Smith and Tabone will be re-tried in January, and today’s verdict perhaps is not the best omen for them. In the meantime, Smith is seeking re-election, though he has been cast out from both the Democratic Senate conference (which he once led) and the IDC.

Here and Now

Gov. Andrew Cuomo is in New York City and the New York City “area” today with no public schedule.

At 8:15 a.m., Sen. Simcha Felder speaks at the Shema Kolainu’s 12th annual Legislative Breakfast, Renaissance Ballroom, 5902 14th Ave., Brooklyn. (NYC Comptroller Scott Stringer will also speak).

At 9 a.m., State Comptroller Tom DiNapoli addresses a “Brooklyn Newsmakers” event sponsored by the Brooklyn Chamber of Commerce and the Downtown Brooklyn Partnership; NYU Polytechnic School of Engineering, 6 Metrotech Center, Brooklyn.

At 9:05 a.m., Westchester County Executive and GOB gubernatorial candidate Rob Astorino will be a guest on 100.7FM WUTQ “Talk of the Town.”

At 10 a.m., DEC Commissioner Joe Martens, NYSERDA president and C.E.O. John Rhodes and others hold press conference on the wood-fire heating industry, Evoworld Inc. at Troy Boiler Works, 2800 7th Ave., Troy.

At 10:40 a.m., Astorino will be a guest on “Live from the State Capitol” with Fred Dicker.

At 11 a.m., Chemung County Sheriff and GOP LG candidate Christopher Moss will will comment on the Cuomo administration’s role in “directing criminal investigations away from political allies at a press conference,” Broome County Courthouse steps, 92 Court St., Binghamton.

Also at 11 a.m., Queens DA Richard Brown, Sen. Michael Gianaris, and Assemblywoman Aravella Simotas will host a press conference at the Queens DA’s office to announce the recent passage of a bill that would crack down on persistent sexual abusers, 3rd Floor Conference Room
125-01 Queens Blvd., Kew Gardens.

At 11:34 a.m., Astorino will be a guest on WABC 770 with host Geraldo Rivera.

At 12:15 p.m., Hillary Clinton will sign copies of her new memoir at the Northshire Bookstore, Broadway, Saratoga Springs. (Security is expected to be very tight).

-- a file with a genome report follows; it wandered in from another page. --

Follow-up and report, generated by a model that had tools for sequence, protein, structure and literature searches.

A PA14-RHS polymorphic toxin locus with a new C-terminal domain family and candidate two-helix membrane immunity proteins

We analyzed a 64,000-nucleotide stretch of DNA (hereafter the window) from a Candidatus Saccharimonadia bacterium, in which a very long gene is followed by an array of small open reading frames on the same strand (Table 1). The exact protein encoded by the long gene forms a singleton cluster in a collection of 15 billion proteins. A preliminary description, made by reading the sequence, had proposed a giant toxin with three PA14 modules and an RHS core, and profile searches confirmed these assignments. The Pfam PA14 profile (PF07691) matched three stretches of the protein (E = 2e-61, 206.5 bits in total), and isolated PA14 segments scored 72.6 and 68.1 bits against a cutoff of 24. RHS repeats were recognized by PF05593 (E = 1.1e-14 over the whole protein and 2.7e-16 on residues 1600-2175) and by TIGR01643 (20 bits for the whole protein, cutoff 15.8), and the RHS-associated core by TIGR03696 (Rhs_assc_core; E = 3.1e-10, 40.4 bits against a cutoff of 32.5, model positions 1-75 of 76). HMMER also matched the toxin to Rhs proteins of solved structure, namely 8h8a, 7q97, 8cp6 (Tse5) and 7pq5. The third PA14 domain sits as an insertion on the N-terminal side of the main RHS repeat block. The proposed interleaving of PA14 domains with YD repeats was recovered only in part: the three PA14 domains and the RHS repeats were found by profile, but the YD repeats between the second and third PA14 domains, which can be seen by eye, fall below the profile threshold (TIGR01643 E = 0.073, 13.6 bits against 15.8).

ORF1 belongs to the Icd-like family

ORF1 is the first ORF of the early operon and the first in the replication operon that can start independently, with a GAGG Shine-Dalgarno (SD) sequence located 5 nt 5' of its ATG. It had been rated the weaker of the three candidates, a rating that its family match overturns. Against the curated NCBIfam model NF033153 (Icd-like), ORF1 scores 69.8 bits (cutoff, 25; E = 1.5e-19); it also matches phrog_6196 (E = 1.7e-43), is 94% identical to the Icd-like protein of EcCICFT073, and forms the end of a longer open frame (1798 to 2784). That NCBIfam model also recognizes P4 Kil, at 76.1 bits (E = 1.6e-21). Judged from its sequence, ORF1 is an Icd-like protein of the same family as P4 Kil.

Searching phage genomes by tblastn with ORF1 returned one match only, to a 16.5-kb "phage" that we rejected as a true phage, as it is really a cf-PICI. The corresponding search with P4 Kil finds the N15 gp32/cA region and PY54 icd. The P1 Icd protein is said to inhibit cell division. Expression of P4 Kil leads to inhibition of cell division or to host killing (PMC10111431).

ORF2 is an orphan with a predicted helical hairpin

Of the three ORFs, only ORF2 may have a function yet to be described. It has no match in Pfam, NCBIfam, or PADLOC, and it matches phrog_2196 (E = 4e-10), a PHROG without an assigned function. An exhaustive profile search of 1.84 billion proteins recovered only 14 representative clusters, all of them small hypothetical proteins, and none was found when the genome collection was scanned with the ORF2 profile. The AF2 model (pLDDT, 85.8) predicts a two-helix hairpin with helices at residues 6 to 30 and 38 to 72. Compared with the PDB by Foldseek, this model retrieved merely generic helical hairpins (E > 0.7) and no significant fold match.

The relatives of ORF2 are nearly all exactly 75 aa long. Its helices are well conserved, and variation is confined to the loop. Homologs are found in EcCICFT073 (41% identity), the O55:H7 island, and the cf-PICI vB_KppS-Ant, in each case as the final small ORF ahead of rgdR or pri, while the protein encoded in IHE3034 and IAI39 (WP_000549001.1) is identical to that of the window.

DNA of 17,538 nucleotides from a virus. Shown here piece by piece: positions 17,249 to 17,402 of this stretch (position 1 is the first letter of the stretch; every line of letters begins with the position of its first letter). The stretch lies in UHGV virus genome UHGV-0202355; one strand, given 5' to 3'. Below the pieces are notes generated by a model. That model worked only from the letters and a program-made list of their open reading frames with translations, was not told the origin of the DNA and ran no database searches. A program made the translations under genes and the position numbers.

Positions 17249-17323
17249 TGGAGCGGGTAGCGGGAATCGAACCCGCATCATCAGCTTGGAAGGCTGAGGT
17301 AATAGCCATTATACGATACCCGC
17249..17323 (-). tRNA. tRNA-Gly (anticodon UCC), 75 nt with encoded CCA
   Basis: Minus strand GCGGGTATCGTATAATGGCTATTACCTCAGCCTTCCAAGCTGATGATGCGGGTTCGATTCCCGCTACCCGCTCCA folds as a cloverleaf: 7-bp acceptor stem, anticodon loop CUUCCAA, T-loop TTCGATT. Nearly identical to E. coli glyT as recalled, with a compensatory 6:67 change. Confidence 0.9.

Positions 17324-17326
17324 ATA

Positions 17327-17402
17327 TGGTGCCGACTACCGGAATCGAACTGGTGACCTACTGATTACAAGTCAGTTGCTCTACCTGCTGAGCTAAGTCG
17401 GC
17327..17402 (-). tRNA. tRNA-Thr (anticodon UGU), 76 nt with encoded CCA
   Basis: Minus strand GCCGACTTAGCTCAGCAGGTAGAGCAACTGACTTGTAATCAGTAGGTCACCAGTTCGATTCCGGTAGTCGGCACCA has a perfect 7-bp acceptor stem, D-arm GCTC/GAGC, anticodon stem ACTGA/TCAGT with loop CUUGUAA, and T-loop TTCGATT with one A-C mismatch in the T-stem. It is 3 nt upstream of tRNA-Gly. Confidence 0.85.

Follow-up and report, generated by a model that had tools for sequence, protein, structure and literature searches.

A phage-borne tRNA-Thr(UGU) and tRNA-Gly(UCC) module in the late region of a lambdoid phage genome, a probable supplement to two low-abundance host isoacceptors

At 12:30 p.m., Moss will repeat his accusations against the Cuomo administration, on the sidewalk in front of the Chemung County Justice Building/Correctional Facility, 211 William St., Elmira.

At 1:30 p.m., Astorino will hold a press conference calling on Cuomo to answer questions about his administration’s role in “directing criminal investigations away from his political allies,” Capitol steps, Albany.

Also at 1:30 p.m., Brooklyn BP Eric Adams, Assemblyman Walter Mosley, Downtown Brooklyn Partnership President Tucker Reed, city officials, housing advocates and real estate executives introduce an initiative intended to increase participation in lotteries to qualify for housing for low-income residents; rotunda, Brooklyn Borough Hall, 209 Joralemon St., Brooklyn.

At 3 p.m., NYC Mayor Bill de Blasio discusses the city’s financial plan at a meeting of the New York State Financial Control Board, Governor’s Office – Board Room, 633 Third Ave., 38th Floor, Manhattan. (Stringer will also attend).

At 3:30 p.m., Astorino will repeat his earlier call regarding the governor and the now-defunct Moreland Commission, Plattsburgh City Hall, 41 City Hall Place, Plattsburgh.

At 5:30 p.m., Sen. Kirsten Gillibrand hosts “New York Farm Day,” 325 Russell Senate Office Building, Kennedy Caucus Room, Washington, D.C.

From 6 p.m. to 9 p.m., Adams, Brooklyn DA Kenneth Thompson and other officials participate in a “State of Brooklyn Reception” presented by government news organization City & State; Brooklyn Historical Society, 128 Pierrepont St., Brooklyn.

Ay 7 p.m., religious and NYC officials, including Public Advocate Tish James, the director of the Mayor’s Office of Housing Recovery, Amy Peterson, and NYC Council members discuss efforts to rebuild following Hurricane Sandy during a summit; 110-31 Merrick Blvd., Queens.

Headlines…

Gov. Andrew Cuomo defended his administration’s treatment of the now-defunct anti-corruption Moreland Commission, saying his aides offered advice to investigators but that it operated with “total independence.” He called the commission a “phenomenal success.”